More recently, an epidemiological study including 378 domestic dogs from four municipalities in the western region of Cuba found high prevalence (47.4%) of E. canis infection detected by PCR in blood samples [24]. In addition, of 206 plasma samples examined by indirect enzyme-linked immunosorbent assay (ELISA), 78.6% were seropositive for E. canis [24]. An increased risk of E. canis infection in some localities with a history of tick infestation was also observed [24]. In another study, tick infestation on dogs was assessed in the western region of Cuba, revealing that 40% of dogs were infested by ticks morphologically characterized as R. sanguineus s.l. [25]. A subsequent epidemiological study conducted in the same municipalities detected a high prevalence of E. canis in dogs, which provided strong evidence that R. sanguineus s.l. is the vector of E. canis in Cuba [26], as in other regions of the world [27,28,29]. Phylogenetic analysis based on 16S rRNA, and gltA genes suggested a low genetic diversity of E. canis in Cuba [30], but molecular markers with higher genetic resolution, such as the trp36 gene, may provide a more realistic view of the genetic diversity of this important pathogen in the country. The present study aimed to determine the genetic diversity of E. canis in Cuba using trp36 gene sequences.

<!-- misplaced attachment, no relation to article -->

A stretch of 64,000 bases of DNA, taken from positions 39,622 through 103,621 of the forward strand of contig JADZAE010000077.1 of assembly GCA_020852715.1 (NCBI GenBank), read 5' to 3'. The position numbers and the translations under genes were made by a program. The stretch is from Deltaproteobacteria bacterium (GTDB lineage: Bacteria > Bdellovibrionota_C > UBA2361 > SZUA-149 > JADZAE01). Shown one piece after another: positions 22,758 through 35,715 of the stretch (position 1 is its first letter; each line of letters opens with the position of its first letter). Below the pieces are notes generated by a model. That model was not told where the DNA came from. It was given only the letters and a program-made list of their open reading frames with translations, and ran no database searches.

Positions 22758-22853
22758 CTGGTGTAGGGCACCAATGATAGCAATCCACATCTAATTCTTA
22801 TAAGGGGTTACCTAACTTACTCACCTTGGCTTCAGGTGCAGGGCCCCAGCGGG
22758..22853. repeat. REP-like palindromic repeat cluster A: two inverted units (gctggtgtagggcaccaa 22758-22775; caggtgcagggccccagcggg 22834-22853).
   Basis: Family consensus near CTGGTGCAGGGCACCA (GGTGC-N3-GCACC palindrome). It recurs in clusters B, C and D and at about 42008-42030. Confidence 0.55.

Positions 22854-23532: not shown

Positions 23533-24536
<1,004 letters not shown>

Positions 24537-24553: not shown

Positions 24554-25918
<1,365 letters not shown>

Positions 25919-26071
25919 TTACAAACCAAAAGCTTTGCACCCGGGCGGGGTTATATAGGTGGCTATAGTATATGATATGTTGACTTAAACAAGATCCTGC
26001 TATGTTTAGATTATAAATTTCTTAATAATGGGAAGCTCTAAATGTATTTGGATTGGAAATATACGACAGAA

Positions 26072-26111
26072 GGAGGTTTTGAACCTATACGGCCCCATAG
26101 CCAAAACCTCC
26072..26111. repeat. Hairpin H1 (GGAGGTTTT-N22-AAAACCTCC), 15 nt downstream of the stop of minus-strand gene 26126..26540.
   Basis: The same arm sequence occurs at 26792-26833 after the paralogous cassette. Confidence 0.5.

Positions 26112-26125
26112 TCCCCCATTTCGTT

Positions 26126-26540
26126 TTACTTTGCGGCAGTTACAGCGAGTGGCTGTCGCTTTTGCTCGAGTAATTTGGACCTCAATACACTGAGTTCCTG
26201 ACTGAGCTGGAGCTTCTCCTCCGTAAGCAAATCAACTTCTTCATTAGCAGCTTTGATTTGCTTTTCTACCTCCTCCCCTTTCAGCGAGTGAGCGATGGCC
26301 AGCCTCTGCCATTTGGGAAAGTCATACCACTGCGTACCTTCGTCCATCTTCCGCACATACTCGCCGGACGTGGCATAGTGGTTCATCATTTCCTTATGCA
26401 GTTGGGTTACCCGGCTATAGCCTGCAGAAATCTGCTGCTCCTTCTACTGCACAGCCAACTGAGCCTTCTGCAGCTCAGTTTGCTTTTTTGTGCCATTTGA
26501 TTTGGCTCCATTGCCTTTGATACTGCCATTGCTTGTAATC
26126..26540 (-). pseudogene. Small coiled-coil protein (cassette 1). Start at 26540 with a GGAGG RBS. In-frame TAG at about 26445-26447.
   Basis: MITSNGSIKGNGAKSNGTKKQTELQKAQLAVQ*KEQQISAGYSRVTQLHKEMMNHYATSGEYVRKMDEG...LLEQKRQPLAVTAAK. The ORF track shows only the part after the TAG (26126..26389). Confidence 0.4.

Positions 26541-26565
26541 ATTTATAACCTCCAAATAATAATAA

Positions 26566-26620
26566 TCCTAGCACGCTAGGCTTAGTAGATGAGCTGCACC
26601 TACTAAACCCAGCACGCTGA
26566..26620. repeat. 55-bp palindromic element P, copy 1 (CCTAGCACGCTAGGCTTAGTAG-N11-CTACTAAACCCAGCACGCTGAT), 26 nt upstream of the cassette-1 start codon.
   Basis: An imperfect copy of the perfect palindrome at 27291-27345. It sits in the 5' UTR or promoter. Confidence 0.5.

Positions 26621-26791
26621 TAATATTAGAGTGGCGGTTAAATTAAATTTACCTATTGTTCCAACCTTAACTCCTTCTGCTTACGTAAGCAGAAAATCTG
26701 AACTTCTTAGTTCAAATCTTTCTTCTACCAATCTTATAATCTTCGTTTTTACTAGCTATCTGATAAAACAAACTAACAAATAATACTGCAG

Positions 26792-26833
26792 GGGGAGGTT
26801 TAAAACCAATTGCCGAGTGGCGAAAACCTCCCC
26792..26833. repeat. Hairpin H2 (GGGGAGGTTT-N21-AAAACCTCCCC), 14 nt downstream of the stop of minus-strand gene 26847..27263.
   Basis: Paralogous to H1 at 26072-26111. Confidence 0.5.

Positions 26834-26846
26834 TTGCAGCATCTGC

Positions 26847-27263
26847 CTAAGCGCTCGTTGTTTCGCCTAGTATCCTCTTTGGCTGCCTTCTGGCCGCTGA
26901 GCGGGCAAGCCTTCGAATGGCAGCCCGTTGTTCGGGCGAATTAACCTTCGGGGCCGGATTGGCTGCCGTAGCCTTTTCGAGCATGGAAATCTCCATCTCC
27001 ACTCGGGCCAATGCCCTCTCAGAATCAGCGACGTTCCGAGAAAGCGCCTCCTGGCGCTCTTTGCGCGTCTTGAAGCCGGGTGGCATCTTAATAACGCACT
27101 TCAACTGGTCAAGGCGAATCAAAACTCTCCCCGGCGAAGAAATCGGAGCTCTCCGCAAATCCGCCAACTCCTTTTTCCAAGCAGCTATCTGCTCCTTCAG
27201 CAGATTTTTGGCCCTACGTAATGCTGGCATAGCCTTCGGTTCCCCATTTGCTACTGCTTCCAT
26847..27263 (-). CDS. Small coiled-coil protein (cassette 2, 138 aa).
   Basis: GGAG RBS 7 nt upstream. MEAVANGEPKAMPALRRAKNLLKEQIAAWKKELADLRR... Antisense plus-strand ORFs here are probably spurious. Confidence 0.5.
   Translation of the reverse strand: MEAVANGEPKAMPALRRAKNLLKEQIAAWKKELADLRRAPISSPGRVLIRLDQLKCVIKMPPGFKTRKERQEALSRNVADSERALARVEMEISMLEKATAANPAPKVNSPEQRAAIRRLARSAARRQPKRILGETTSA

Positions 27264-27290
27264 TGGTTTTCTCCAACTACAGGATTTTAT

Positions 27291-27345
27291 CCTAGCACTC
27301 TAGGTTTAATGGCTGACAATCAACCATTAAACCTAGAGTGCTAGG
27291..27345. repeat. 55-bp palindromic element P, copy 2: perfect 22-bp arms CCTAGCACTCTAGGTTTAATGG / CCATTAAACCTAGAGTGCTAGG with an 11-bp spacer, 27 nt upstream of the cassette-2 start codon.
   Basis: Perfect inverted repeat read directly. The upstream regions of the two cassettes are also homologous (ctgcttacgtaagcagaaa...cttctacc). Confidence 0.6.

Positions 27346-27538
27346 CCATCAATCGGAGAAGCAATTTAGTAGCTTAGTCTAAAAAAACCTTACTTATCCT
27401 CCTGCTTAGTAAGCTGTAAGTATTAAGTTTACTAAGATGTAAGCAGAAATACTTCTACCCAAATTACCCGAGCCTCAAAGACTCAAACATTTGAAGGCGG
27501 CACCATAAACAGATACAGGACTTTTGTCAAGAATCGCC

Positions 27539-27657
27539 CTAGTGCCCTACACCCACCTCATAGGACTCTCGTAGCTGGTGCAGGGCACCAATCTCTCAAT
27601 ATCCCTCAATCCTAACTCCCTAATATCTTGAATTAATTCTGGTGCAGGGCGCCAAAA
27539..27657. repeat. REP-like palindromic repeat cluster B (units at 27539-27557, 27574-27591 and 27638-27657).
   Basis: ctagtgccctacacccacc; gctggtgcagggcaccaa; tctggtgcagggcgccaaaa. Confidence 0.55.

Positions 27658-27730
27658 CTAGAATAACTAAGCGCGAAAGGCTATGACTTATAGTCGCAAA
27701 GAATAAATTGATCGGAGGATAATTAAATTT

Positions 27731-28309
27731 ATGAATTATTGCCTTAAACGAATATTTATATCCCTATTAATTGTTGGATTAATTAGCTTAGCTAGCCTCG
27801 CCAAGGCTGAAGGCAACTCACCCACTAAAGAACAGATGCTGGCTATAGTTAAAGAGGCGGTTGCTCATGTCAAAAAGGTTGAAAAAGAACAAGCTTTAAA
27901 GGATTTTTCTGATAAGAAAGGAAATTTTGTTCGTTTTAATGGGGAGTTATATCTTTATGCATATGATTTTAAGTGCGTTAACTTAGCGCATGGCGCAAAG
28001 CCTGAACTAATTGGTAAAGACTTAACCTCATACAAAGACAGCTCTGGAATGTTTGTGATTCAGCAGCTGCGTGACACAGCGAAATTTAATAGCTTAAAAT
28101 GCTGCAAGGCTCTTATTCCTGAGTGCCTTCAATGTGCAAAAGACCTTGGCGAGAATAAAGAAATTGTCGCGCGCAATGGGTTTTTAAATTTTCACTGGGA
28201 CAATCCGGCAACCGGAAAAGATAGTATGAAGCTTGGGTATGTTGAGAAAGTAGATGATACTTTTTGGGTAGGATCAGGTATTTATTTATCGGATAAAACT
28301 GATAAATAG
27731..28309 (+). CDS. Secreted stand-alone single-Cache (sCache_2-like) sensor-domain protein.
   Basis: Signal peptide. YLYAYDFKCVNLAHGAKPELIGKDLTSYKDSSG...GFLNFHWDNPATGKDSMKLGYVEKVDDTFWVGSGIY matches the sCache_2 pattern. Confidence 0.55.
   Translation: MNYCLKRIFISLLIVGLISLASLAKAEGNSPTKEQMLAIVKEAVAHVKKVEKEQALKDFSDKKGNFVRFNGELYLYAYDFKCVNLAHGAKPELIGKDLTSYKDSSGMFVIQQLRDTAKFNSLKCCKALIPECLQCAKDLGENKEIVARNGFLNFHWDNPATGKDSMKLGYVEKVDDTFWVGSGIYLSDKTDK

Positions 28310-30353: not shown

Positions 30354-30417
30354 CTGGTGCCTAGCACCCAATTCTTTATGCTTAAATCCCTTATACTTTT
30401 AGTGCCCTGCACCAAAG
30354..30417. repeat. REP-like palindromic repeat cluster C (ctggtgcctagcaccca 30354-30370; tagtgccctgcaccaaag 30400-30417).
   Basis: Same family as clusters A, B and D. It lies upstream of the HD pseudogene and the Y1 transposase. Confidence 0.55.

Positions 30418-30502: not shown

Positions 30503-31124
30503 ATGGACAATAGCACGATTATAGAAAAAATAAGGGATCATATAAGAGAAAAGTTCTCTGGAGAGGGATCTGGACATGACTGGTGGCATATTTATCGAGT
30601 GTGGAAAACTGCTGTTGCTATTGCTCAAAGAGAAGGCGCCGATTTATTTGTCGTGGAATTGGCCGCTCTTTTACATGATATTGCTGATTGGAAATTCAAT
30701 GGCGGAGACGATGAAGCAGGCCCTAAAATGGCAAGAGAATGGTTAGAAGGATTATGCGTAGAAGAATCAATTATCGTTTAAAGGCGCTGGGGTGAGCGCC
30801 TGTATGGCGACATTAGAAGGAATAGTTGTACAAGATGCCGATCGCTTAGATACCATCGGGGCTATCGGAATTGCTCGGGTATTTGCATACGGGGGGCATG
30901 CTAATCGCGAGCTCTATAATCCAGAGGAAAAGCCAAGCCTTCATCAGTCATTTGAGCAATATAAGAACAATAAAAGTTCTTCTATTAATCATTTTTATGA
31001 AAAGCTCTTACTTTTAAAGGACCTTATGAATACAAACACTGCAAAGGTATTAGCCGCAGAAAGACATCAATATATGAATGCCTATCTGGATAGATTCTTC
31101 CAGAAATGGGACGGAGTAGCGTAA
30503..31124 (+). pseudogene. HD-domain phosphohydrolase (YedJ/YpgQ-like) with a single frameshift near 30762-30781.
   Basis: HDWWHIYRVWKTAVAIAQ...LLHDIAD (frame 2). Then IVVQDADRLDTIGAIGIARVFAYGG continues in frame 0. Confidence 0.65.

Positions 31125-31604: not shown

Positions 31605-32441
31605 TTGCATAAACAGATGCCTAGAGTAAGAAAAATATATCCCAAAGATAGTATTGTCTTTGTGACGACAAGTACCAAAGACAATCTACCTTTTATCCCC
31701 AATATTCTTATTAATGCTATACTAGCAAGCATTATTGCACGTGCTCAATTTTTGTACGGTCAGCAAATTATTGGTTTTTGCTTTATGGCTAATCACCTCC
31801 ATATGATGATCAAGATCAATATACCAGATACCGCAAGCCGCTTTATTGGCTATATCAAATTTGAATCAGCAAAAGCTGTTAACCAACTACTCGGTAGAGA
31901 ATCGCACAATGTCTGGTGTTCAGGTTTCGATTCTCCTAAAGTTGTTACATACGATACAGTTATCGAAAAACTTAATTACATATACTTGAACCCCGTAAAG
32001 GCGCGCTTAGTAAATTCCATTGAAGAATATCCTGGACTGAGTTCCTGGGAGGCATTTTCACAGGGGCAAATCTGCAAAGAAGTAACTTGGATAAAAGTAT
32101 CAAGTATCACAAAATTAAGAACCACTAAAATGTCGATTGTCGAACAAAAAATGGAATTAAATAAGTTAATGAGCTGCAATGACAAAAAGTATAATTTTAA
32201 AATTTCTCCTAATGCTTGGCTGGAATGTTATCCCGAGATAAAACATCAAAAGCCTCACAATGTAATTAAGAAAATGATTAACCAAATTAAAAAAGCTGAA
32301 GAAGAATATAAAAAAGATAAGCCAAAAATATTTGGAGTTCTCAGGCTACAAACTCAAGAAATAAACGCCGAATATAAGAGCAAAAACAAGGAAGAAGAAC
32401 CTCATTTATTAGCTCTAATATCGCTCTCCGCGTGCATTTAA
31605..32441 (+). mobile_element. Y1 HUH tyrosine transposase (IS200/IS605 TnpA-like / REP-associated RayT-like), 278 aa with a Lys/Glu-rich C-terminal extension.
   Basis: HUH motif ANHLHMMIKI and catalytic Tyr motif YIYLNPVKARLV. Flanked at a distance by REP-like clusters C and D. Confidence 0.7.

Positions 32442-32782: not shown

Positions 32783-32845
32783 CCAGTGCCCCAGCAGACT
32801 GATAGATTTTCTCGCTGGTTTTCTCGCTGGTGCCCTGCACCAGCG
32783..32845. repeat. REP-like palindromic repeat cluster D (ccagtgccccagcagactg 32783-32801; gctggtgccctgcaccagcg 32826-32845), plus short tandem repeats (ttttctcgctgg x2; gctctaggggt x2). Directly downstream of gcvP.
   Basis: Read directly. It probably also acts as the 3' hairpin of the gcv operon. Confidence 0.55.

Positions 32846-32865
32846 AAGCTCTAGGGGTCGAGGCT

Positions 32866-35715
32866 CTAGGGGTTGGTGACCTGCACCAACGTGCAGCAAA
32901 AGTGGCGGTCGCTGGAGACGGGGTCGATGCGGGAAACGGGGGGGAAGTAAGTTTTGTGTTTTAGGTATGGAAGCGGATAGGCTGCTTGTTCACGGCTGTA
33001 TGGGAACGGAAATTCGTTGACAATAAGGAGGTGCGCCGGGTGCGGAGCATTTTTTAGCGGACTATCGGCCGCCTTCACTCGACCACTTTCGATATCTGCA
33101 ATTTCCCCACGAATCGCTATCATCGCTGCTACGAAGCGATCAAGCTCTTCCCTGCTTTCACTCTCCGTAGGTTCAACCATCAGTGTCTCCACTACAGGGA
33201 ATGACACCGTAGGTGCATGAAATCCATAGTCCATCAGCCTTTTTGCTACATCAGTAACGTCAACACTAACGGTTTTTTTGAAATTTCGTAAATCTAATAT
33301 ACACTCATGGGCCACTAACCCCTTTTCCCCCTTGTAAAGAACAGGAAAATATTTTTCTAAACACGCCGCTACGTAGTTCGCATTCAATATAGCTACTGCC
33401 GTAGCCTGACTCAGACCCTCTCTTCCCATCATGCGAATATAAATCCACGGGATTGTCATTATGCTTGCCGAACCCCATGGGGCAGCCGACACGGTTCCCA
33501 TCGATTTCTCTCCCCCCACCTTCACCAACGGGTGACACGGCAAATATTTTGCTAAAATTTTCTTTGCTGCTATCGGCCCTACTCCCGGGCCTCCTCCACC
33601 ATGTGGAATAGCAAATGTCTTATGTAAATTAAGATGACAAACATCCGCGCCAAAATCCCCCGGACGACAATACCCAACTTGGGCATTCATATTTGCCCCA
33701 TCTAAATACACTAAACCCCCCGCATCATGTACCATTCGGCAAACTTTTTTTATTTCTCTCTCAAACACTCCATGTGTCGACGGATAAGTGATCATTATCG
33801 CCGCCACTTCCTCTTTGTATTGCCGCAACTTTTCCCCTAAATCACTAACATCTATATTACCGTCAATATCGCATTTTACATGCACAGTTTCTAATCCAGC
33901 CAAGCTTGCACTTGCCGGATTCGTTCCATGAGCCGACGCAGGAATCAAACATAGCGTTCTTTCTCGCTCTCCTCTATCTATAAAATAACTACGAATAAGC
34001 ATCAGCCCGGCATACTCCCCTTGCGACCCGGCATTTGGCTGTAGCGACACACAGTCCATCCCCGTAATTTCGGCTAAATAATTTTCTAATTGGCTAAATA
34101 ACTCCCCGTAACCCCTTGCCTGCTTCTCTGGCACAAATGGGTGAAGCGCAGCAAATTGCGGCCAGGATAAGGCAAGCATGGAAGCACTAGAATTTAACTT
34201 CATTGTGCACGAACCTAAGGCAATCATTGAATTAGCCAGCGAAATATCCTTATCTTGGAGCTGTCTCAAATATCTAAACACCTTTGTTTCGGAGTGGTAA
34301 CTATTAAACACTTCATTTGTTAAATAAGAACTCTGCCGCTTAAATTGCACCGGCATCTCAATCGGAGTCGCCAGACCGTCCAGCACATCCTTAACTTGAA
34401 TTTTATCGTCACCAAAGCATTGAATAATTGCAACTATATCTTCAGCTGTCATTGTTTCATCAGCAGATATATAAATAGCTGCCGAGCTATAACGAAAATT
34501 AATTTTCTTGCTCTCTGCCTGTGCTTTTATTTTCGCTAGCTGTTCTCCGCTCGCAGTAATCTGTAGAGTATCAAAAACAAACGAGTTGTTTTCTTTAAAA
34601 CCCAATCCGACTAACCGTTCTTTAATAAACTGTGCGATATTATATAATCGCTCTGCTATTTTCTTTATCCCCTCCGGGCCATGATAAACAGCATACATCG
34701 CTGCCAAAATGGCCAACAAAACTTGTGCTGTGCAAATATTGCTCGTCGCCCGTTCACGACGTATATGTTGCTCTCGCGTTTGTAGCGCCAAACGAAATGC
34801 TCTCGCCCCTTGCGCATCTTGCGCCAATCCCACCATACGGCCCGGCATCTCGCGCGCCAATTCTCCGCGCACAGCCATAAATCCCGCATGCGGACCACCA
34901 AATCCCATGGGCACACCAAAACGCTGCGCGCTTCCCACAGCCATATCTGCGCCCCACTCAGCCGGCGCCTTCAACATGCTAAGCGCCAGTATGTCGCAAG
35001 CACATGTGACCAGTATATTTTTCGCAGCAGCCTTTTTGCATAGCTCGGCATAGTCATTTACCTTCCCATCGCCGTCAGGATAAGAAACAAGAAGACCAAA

A cross-sectional study was conducted between October and November 2013 to assess the prevalence of the tick-borne pathogen E. canis in dogs from four municipalities located in the western region of Cuba [24]. In total, 378 dogs were randomly selected to assess infection status and seroprevalence of E. canis in Cuba. Blood samples were collected in dogs regardless of sex, breed, age or presence of clinical symptoms related to CME. The sample size per municipality was 104 dogs in Habana del Este (Province La Habana), 102 dogs in Boyeros (Province La Habana), 82 dogs in Cotorro (Province La Habana) and 90 dogs in San José de las Lajas (Province Mayabeque). Of these 378 dogs, 179 were positive for E. canis based on a PCR assay that amplified a region of the 16S rRNA [24]. In the present study, blood samples (n = 8) collected from dogs confirmed to be positive for E. canis infection based on 16S rRNA PCR in the municipalities of Habana del Este (n = 3) and Boyeros (n = 5) [24] were selected to assess the genetic diversity of E. canis in dogs in Cuba. The presence of pathogens other than E. canis was not assessed in the samples.